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J Am Soc Hypertens. 2013 Jan-Feb;7(1):75-84. doi: 10.1016/j.jash.2012.12.004.

Nocturia in arterial hypertension: a prevalent, underreported, and sometimes underestimated association.

Author information

1
Hospital de Clinicas San Martın, Hypertension Program, Av., Argentina. carlos.feldstein@yahoo.com

Abstract

Nocturia is a risk factor for morbidity and mortality but is frequently overlooked and underreported by patients and unrecognized by physicians. Epidemiologic studies reported that nocturnal voiding is associated not only with aging and benign prostatic hyperplasia, but also with many other clinical conditions. The majority of epidemiologic studies reported a significant relationship between nocturia and hypertension. However, the cause-and-effect relationship between them has not been established. Some physiopathological changes in hypertension are conducive to result in nocturia. These include the effects of hypertension on glomerular filtration and tubular transport, resetting of the kidney pressure-natriuresis relationship, atrial stretch and release of atrial natriuretic peptide when congestive heart failure complicates hypertension, and peripheral edema. Another link between hypertension and nocturia is obstructive sleep apnea. Furthermore, some evidence supports the relationship between nondipping behavior of blood pressure and an increased prevalence of nocturia. The use of some classes of antihypertensive agents may result in nocturia. The present review aims to provide a comprehensive evaluation of the epidemiologic evidence and physiopathological links that correlate hypertension and nocturia. Emphasis is placed on the need to take a pro-active attitude to detect and treat this hazardous condition.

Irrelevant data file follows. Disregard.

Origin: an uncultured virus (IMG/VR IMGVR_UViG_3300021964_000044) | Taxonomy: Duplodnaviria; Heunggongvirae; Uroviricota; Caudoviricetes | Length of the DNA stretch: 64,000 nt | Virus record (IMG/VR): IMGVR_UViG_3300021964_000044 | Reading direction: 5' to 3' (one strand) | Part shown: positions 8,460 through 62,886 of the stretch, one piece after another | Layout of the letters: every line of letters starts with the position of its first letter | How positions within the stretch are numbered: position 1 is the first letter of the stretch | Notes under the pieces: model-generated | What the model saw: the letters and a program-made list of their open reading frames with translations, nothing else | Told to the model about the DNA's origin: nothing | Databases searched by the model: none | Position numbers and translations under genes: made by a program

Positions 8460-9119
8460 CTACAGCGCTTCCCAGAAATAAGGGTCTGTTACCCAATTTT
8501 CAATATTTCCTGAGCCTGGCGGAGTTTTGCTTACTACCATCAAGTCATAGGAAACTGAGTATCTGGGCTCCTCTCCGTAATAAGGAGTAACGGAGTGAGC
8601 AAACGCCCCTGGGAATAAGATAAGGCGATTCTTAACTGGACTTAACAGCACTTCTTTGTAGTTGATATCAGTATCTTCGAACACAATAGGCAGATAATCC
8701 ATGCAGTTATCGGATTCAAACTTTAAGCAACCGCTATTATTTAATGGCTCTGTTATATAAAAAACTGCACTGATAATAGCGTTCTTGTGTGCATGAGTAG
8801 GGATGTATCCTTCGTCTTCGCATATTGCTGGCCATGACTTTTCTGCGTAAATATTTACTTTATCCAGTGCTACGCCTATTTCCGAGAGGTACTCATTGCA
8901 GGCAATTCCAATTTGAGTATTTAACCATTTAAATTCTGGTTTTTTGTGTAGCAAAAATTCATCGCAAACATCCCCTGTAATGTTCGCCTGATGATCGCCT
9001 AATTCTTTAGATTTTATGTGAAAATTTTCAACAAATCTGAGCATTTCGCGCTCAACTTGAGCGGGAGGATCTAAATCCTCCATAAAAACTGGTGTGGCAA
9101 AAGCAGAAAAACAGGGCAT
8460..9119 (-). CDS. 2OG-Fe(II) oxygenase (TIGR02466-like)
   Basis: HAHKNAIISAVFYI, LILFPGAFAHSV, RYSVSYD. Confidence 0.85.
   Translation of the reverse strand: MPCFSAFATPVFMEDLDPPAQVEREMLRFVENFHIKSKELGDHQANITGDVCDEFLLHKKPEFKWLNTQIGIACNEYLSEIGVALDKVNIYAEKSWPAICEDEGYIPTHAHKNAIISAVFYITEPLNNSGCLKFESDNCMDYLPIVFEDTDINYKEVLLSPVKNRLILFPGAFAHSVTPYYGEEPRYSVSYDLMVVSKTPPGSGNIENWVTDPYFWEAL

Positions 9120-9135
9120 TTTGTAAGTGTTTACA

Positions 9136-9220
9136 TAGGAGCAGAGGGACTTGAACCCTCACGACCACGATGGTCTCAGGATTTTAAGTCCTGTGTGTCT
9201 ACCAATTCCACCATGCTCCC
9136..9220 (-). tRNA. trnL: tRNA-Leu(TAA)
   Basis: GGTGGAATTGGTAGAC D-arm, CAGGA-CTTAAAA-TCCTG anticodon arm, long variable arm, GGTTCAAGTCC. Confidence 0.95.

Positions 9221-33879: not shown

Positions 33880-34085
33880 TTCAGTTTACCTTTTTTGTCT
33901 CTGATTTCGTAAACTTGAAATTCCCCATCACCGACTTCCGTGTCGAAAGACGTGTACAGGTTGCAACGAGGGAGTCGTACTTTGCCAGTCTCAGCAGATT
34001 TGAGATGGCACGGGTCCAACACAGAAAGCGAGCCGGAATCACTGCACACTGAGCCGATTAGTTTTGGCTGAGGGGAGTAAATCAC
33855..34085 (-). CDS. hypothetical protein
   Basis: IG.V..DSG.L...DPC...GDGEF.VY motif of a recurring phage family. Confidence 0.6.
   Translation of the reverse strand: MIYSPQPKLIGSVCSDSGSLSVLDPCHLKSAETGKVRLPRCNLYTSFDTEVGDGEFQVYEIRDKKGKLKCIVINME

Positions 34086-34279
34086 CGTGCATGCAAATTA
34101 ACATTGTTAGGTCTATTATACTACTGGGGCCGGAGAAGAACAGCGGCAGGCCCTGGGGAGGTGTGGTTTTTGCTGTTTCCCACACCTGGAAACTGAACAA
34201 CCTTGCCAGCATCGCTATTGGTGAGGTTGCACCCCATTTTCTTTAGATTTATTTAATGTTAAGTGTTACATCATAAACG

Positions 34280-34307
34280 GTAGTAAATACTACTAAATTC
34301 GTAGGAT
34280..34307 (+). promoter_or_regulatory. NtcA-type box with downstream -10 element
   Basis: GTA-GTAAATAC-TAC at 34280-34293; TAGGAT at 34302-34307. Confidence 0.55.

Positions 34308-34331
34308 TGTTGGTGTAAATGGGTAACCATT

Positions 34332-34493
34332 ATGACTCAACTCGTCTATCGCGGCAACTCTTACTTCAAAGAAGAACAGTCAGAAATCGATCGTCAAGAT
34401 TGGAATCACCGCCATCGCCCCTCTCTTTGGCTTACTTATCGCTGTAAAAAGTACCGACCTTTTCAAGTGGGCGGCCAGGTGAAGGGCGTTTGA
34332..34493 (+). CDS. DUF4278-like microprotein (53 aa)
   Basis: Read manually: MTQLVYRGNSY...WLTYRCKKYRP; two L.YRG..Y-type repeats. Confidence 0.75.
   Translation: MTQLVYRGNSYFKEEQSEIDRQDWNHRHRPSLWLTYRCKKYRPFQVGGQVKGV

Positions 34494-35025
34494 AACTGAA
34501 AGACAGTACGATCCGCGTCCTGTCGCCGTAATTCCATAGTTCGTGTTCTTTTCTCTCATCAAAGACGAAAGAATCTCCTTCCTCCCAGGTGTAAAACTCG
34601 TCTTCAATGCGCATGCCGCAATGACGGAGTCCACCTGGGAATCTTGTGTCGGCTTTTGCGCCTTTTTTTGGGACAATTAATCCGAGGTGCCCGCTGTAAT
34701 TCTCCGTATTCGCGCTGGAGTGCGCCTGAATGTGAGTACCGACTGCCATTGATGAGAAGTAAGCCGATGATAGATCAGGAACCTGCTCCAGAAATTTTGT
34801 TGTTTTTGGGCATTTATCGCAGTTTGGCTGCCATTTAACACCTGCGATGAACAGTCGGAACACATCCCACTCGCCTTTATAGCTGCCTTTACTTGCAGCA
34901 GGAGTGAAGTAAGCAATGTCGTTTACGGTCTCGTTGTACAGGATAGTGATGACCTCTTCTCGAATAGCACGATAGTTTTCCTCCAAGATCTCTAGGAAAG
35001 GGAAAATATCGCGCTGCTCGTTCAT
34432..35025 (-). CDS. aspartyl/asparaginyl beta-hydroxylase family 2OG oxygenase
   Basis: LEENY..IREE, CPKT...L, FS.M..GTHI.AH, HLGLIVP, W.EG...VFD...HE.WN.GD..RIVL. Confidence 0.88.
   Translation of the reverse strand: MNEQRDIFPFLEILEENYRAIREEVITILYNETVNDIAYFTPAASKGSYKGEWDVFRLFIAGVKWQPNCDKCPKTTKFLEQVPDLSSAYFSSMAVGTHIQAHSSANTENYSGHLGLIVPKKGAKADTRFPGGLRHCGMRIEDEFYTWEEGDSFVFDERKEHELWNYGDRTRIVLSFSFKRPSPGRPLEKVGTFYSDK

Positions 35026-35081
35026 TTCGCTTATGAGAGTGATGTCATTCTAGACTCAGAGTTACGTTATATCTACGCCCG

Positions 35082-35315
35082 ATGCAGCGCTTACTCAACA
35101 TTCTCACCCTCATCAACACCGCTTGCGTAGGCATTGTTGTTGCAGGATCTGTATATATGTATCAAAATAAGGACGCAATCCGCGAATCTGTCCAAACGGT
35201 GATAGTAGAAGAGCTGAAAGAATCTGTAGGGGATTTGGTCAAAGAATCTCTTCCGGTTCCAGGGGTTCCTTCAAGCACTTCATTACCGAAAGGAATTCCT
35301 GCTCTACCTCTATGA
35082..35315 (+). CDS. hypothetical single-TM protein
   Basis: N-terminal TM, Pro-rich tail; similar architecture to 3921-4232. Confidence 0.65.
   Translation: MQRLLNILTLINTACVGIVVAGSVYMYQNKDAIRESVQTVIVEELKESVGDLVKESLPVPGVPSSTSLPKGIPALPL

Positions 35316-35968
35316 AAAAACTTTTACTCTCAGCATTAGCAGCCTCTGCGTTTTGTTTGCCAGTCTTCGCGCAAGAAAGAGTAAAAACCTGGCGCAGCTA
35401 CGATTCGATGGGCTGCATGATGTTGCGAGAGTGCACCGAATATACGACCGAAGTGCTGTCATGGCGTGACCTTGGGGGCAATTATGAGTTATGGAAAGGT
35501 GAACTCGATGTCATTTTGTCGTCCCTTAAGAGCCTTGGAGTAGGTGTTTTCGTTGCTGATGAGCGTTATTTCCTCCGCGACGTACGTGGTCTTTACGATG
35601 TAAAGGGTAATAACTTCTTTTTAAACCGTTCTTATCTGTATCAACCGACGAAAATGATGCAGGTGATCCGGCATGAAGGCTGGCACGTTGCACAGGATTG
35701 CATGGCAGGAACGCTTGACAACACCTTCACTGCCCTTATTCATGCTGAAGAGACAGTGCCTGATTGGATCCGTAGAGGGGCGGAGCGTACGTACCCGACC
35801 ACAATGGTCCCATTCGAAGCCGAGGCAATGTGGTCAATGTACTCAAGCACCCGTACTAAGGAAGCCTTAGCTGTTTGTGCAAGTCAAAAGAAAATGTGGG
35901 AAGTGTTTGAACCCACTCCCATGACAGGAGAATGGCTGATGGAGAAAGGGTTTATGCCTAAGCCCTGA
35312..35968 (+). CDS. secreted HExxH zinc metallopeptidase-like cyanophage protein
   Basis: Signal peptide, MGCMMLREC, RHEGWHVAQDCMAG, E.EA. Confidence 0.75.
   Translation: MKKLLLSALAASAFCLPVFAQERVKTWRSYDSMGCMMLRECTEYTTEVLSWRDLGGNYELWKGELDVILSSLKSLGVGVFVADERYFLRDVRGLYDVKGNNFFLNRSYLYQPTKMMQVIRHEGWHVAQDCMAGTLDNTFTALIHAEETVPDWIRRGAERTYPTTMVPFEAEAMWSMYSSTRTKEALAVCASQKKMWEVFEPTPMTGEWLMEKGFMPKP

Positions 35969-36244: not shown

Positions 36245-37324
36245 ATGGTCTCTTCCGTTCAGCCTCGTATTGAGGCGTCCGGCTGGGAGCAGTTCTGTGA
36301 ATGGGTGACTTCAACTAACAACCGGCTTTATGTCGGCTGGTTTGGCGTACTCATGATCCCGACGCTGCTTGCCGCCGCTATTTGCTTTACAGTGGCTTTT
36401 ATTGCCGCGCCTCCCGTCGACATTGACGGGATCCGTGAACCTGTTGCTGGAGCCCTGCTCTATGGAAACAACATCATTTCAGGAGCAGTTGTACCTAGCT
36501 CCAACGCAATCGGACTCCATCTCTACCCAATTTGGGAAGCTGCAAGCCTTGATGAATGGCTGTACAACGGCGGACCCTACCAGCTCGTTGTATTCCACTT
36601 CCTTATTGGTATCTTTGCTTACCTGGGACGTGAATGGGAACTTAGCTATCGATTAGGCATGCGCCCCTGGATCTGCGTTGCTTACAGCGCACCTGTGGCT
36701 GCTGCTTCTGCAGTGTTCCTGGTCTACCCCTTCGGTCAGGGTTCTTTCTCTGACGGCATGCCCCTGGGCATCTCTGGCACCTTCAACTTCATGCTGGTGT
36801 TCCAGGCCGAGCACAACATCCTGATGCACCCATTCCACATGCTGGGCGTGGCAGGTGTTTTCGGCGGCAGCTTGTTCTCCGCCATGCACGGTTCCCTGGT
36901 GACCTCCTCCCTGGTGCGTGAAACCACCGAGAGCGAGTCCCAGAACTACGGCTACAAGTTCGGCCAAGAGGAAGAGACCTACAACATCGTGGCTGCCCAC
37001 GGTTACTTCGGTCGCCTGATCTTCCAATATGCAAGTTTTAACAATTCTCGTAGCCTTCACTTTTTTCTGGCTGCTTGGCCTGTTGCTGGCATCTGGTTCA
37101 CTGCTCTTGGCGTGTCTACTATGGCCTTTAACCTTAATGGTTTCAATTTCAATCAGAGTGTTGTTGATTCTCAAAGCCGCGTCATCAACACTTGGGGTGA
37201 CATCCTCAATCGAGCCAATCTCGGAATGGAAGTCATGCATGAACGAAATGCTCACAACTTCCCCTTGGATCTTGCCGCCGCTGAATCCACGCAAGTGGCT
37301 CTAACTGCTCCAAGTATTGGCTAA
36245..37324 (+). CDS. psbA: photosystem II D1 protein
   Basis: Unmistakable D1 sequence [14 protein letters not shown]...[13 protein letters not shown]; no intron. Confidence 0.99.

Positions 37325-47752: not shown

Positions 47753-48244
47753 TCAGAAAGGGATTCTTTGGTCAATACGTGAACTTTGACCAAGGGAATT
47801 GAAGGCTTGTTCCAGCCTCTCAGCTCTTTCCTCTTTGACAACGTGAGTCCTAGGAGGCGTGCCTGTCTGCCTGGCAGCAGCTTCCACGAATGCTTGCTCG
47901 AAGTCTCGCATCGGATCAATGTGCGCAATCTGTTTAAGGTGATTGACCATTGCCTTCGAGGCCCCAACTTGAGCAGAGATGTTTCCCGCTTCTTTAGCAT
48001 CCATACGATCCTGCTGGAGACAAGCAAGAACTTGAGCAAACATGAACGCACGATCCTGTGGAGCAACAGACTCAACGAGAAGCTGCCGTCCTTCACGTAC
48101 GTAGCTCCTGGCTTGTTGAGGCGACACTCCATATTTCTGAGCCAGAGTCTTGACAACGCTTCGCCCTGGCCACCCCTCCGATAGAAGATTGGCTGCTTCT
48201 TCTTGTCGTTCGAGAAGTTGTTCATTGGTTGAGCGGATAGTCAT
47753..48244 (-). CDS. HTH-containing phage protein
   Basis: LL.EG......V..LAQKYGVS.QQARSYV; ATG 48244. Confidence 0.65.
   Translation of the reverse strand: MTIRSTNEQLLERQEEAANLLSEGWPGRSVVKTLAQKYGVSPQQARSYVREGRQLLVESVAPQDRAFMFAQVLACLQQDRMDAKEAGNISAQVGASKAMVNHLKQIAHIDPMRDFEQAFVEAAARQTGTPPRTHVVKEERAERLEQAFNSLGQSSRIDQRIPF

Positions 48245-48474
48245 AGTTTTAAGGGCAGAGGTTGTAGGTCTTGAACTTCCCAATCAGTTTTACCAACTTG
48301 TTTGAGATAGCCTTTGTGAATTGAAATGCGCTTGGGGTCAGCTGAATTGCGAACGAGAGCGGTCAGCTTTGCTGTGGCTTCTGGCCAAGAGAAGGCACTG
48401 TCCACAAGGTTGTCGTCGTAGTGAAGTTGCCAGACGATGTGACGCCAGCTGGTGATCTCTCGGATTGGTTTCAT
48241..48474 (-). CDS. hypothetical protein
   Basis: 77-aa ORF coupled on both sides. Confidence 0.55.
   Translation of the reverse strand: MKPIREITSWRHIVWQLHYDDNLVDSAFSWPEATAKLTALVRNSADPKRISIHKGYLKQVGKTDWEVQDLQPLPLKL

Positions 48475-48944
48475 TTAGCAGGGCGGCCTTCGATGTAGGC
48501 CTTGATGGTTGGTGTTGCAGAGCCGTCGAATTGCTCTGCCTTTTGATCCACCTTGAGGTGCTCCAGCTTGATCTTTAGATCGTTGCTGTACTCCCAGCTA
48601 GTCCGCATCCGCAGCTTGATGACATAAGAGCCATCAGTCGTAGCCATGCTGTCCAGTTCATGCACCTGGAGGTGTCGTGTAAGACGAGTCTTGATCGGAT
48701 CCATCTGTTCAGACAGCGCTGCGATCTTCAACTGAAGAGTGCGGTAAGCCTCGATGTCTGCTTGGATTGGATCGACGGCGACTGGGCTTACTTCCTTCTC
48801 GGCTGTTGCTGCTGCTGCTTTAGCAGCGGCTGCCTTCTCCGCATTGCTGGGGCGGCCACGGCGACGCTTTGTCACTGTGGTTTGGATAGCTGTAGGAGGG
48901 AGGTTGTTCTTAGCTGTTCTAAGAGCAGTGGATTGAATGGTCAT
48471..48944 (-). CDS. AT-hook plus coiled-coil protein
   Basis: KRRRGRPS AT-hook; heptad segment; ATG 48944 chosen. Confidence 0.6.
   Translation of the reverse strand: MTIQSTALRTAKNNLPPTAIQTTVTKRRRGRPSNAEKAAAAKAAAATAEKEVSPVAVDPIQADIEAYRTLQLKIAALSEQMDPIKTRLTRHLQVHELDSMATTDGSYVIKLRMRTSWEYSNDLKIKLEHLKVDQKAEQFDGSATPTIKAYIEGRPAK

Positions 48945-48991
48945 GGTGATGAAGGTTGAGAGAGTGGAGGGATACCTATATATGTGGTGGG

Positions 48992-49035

PMID:
23321406
DOI:
10.1016/j.jash.2012.12.004
[Indexed for MEDLINE]

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